Do you think there will be more of a system or modular approach in futur DSLR cameras and what kind of modularity would you like to have in your camera?

    Bsbxl
    Are your ideas useful? Sure. Are the feasible? Not remotely

    Bottom line is no I don't see what you're proposing as something that'll be seen in the near future. Technology is expensive. The feature you described would cost way more R&D than the currently given price ranges of dSLRs.

    - The Nikon D3 already does 9+fps. You can bet there was a lot of R&D that went into that mechanism. If you need the speed, and can afford it. Then I suggest it's time you switch to that Nikon. There's a lot more to making a dSLR do very high speeds than just giving it more voltage. The steps the digital camera has to go through is far more complicated than a film camera.
    - More memory does not = faster writing speeds.
    - Every major Camera company has invested in their proprietary flash system. Making an open standard is great, but I doubt Nikon and Canon (who have the best flash systems so far) will likely give up their titles.
    - A sensor is nothing without support hardware. Noise reduction, color interpretation, pixel mapping, SR, etc are all based on additional hardware. Yes the sensor is very crucial, but thinking a plug and play sensor is unrealistic at this point in age.

    There's a better chance of someone inventing a DIY dSLR than a major manufacturer giving away so much of their technological secrets only to destroy their profits.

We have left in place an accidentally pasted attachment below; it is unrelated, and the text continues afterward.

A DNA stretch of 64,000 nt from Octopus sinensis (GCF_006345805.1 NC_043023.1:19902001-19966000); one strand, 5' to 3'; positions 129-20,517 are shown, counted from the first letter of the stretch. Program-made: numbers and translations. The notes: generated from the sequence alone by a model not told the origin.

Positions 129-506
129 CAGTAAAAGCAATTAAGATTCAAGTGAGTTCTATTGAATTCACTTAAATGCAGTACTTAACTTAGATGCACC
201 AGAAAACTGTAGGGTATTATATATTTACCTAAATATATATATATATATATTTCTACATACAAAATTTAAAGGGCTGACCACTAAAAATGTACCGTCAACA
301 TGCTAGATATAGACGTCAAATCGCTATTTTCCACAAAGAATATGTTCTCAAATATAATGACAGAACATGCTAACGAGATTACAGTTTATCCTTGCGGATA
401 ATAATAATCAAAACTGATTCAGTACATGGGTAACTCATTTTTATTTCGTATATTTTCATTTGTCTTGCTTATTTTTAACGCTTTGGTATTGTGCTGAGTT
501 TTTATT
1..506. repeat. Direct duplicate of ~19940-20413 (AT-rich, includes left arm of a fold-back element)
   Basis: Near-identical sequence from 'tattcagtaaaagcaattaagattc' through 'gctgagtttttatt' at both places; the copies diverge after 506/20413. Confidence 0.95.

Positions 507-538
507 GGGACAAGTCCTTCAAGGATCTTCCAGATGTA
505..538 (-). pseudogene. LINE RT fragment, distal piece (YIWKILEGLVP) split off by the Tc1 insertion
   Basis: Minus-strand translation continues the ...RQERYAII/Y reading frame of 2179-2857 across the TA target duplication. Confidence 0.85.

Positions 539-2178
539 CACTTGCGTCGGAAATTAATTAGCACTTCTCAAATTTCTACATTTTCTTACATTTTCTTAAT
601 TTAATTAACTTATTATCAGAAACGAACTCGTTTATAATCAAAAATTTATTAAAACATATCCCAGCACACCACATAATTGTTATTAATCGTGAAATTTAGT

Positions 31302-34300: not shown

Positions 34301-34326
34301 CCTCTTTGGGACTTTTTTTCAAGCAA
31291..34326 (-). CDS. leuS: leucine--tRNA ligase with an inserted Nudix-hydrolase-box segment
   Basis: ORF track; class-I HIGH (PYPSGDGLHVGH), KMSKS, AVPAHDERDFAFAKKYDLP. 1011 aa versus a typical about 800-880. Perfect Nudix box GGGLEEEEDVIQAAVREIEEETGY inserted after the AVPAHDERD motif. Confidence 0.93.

01-22-2008, 02:13 PM   #4
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    Modularity

    As others have pointed out, much of the modularity of the past is no longer necessary in a dslr.

    As for high frame rates, the basic camera must have a shutter/mirror mechanism desinged for this. The power consumption is not really the issue. Since the power winder of old is no longer necessary, that space is now occupied by the (optional) battery grip. So, in a way, you've already got your wish on that score.

    It seems to me that about the only thing that could remotely be made modular is the prism viewfinder. However, it seems to me that the wealth of information that is displayed in the viewfinder of a dslr makes that more difficult. One of the major uses for removeable viewfinders in the past, was a waist-level finder for macro or instrument work. This seems about to be superceded by the coming live-view, swing-out rear LCD panels.

    As for interchangeable sensors, that would require opening the camera by the end-user. This is a good way to introduce foreign matter, such as dust or condensation into the works. Also, the sensor is a pretty delicate device that requires rather precise positioning. This is especially true for a camera, such as the Pentax, that has the shake reduction in the camera body.